Why Disney’s Mulan remake doesn’t live up to expectations
BY MAYA RISH
SNN STAFF WRITER
After months of waiting, Disney’s Mulan remake is out, and it isn’t off to a good start. Airing on Sept. 4, the film was met with serious backlash after its first few days on screen.
First, viewers noticed that in the ending credits, government officials in Xinjiang, China, had been thanked for letting the crew film in the area. The issue here is that currently in that region, Uighur Muslims, an oppressed minority, are being held against their will in mass internment camps which have been deemed by the U.S. government as a major human rights violation.
In the Mulan remake, one of the key things the producers wanted to do was make the movie as culturally truthful as they could. To do this, they predominantly filmed in China, chose Chinese actors and styled both the sets and clothing after what was appropriate for that time. While these are all respectable choices, by thanking the local government, and continuing to film in Xinjiang, the producers of the movie condoned these crimes by turning a blind eye, and effectively contradicted the key themes of the movie about respect and honor.
Also angering viewer is the fact that the lead actress in the film, Liu Yifei, openly tweeted her support for the Hong Kong police.
“I support the Hong Kong police,” she wrote. “Tou all can beat me up now.”
Her comment angered many people in Beijing, as well as in America, who started calling for a boycott of the movie.
These two key facts about the movie, in combination with several key plot changes made to the original story, are only the beginning of fans’ frustrations with the film.
The loss of love interest Li Shang, along with other cast changes, and the lack of the original songs, were other reasons for outrage.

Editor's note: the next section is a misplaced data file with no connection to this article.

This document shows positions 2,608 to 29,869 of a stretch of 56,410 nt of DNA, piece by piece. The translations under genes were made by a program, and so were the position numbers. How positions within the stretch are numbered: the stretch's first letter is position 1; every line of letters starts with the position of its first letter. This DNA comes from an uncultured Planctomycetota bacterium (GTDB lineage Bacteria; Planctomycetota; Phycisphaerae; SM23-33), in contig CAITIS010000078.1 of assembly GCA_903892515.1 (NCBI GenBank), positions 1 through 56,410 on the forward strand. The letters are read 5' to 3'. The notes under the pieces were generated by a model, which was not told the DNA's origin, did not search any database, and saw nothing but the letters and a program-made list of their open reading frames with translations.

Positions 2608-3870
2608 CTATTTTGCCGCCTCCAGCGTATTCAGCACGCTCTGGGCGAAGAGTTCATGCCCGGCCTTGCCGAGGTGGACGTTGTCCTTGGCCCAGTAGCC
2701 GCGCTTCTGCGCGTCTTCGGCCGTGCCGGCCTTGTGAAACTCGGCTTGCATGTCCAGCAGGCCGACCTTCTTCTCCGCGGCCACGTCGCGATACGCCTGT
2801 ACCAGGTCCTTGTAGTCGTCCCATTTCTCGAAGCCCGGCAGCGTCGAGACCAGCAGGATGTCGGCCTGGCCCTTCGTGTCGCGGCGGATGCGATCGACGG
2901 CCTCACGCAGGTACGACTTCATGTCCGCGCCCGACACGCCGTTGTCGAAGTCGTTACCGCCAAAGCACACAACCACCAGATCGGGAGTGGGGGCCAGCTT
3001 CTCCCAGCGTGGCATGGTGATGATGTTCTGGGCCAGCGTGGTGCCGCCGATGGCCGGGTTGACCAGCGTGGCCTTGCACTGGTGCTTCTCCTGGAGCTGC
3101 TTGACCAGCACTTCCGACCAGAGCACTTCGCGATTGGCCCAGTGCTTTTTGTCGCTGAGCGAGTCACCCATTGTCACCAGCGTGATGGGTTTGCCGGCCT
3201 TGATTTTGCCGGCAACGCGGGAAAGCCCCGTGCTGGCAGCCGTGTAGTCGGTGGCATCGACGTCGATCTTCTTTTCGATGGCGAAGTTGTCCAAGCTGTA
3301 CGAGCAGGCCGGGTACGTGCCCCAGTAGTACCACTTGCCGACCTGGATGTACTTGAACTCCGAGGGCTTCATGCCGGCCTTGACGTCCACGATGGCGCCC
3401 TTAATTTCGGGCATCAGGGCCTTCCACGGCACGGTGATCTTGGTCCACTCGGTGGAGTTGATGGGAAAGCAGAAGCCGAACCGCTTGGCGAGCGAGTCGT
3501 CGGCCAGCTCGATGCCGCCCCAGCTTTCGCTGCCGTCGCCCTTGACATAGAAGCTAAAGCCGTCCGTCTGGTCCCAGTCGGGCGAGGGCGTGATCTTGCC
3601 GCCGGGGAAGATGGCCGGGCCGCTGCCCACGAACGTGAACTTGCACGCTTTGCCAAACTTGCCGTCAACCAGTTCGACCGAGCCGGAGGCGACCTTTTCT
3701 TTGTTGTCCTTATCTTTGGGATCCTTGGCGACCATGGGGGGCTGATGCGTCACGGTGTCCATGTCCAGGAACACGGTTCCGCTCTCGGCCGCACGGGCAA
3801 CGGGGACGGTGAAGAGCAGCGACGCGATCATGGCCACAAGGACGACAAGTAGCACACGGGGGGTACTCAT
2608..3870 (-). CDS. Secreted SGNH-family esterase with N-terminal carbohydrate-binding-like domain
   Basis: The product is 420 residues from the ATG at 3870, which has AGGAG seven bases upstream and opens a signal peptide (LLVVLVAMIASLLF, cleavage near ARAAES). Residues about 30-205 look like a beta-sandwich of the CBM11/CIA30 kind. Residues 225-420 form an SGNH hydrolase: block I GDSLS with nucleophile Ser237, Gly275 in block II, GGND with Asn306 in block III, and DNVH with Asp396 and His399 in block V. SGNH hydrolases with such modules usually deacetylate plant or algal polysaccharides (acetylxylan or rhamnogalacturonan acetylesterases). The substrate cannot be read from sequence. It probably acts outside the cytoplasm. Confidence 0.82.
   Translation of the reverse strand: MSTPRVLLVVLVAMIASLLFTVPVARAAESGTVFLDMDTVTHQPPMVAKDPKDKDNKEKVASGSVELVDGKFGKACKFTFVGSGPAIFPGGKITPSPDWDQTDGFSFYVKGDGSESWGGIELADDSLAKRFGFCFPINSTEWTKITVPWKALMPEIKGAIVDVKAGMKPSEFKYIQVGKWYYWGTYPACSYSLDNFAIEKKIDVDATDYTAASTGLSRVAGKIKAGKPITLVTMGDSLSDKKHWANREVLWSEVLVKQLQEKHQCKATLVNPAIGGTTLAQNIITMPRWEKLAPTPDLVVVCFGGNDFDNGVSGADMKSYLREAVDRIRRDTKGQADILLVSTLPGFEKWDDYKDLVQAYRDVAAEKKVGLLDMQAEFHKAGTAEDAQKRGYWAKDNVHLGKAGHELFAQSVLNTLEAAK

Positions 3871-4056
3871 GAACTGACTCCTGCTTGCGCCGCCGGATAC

As someone who loves the original animated film, it saddens me to see the movie in such shambles. But as many of the Disney live-action remakes have flopped, it’s no surprise. Maybe Disney will stop trying to profit off old ideas and nostalgic feelings.
Aside from the political controversy, it’s disappointing to see such a wonderful film be made in such a lackluster way. The movie can only be seen on Disney+, which currently has an extra $30 price tag for the film. The fact that it was not released in theaters has kept Mulan from American audiences, and although it was recently released in theaters in China, the movie has failed to reach Disney’s box office expectations. It made a mere $8-million on opening day, compared to 2019 The Lion King, which made $13 million on its first day in China.
Even though I didn’t anticipate the live- action version of Mulan to be the same as the 1998 animation, I was looking forward to this movie’s release, and the spectacular story of a woman who defies all expectations. But when the news broke about the company's choice of set location, the lead actress’ controversial tweet, and the key differences from the original movie, it just seemed like another failed piece of Disney’s live-action remake puzzle.